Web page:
Before we get started, we want to warn you that we’re entering into a foggy realm. On the first page of Google’s search results you’ll find no less than six different opinions on the length of life of Aspire’s Nautilus coils. Some people swear by Cleitos, others claim to have vaped for 4 and a half months on a set of Vaporessos. We’re not entirely inclined to believe them, but this is the Internet so what can ya do.

So let’s toss out the apocrypha. We’re not going to deal with brands or individual models. If you absolutely need to know what the longest-lasting individual model is, it’s probably any of the Smok V8s, since they’re the most expensive coils we sell. Go buy 600 of them.

For anyone else sticking around, let’s get into what sort of coil-bending will actually last you the longest.

A cotton affair

The most common piece of advice you’ll hear from the long-life coil gurus is to stop purchasing pre-built coils. It all comes down to the cotton.

Coils, on their own, will last a good long time. They’re made of metal, after all. And although they’re weakened by repeated heating-cooling cycles, they’ll still outlive by far the other main component of a coil: the cotton.

Cotton doesn’t handle being heated and cooled, over and over, so well. It doesn’t love being soaked in cooking sugar and vegetable glycerin. And it’s got plenty of little nooks and crannies to collect particulate left over when all the cooking’s done. The real bottleneck on the length of a coil’s life is the cotton.

Of course, the cotton can’t be replaced on pre-built coils. It’s all packed in there tight and woven in with the coils, and usually wrapped up in a metal coil head. So when the cotton has gone bad, even if the coil has some life in it left—into the bin it goes.

If you build your own coils, however, you can swap out the cotton whenever you please. What’s better that that—coils without any cotton inside are a lot easier to clean, so you can remove any gunk that’s built up, install a new cotton wick, and get back to vaping on the same coils lickety-split.

Metal coil matters

Okay so lets assume that you’ve switched over to building your own coils. Whether you bought them pre-wound or you’re winding them yourself is irrelevant—what really matters is what sort of wire you’re actually getting.

There’s a few choices—if your mod supports temperature control functions, you could buy pure nickel or titanium coils. Nickel, however, is quite soft and can deform easily, which means you’ll be replacing them more often. Titanium is much durable, but at higher temperatures it can oxidise and poison you. The science is still out, and assuming you’re controlling the temperature then it shouldn’t get that hot… but still.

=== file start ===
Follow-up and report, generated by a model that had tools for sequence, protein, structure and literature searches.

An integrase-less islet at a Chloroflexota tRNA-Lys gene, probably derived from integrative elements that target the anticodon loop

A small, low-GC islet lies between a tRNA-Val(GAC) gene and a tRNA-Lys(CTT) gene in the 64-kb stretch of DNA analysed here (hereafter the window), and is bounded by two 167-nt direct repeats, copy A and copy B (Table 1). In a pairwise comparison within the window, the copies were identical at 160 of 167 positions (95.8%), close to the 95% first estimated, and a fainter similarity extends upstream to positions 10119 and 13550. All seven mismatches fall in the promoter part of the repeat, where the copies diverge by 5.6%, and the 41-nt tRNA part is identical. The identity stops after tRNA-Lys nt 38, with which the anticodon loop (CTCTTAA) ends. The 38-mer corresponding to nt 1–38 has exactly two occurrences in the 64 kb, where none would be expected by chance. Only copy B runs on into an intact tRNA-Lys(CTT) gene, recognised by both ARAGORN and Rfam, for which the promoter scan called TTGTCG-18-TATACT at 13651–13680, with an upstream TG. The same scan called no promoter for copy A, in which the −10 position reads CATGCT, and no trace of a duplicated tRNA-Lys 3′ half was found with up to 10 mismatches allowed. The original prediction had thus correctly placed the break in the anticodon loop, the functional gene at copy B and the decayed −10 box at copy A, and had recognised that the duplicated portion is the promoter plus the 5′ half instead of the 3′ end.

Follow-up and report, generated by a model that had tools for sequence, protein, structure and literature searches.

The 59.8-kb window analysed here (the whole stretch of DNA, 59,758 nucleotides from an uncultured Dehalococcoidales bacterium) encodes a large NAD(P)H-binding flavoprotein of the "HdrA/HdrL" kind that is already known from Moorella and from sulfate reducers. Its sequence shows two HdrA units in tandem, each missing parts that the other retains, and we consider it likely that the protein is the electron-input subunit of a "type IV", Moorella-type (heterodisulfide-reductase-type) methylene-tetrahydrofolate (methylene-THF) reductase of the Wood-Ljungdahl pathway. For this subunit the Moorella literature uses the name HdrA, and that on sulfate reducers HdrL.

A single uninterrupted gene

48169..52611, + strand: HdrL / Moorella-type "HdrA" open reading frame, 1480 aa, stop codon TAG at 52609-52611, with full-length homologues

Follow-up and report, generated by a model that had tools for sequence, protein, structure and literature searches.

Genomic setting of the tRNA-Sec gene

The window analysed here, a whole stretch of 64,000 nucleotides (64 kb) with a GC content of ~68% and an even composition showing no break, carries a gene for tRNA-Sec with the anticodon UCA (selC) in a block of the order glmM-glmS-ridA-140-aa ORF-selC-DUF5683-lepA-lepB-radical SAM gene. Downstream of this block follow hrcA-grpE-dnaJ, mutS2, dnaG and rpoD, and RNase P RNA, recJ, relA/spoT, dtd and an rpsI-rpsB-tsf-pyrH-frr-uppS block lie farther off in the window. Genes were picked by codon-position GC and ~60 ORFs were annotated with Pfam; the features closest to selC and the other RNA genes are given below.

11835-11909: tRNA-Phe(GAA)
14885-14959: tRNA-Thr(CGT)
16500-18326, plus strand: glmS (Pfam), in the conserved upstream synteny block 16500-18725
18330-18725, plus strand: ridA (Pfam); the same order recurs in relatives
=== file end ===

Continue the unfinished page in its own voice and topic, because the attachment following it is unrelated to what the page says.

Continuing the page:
If your mod doesn’t support temperature control, you could choose to go with NiChrome, the father of all high-heat metals. NiChrome’s nickel content, however, makes it slightly less durable than the current reigning champion of the coil world: Kanthal, or iron-chromium-aluminium.

Stainless steel is also a good option for those looking for temperature control support and high durability. It’s a little more expensive, but it’s durable and safe.

A relative newcomer to the scene, ceramic-wrapped coils offer a durability beyond just about any of the standard metal coils. But first…

‘Extend your coil life’ lightning round

Here are a few easy tips for extending your coil’s life, whether pre-built or build-em-yourself:

  • Use a less sugary e-liquid. Dessert e-liquids in particular kill coils with their sugar content.
  • Use a lower wattage. Heat is the number one enemy of a coil.
  • For the same reason, don’t pull long and deep on your vape. Long pulls get your coil wicked hot.
  • Make sure you’ve primed your wick properly before vaping on a new coil. Firing your coil when it’s even a little dry is a quick ticket to Oxidationtown.

The ceramic question

Everything is made of ceramic these days. It was really only a question of time before someone decided to put it into a vape.

There are two types of ceramic coils. The first is a microporous ceramic cylinder with a wire inside it. The ceramic itself is the wick: the e-liquid soaks into the ceramic’s tiny pores and is vaporised when this ceramic body gets hot. This type, however, doesn’t offer a significant bump in durability over metal coils.

The second type is a metal wire glazed, or coated, with ceramic. These still require a cotton wick, but since this nonporous ceramic is so durable, it’s barely affected by the e-liquid that it sits in. When you replace the cotton wick, clean the ceramic off and you’ll have a coil that’s like new.

The downside to these types of coils? You guessed it—very expensive. Not to mention hard to find. The current gold standard for these kinds of coils is Vaping Outlaws’ Para Tank, which, good luck finding one for sale.

In the meantime

While we’re waiting on the next big innovation in coil life length, there are a few things we can do to prolong our coils. Taking it slow, letting your e-liquid wick in, and running on a lower wattage with a new coil will go a long way to giving us a couple of extra days out of each coil we use.

In the long run, that could add up to days each year.

Chris Polenski
Chris Polenski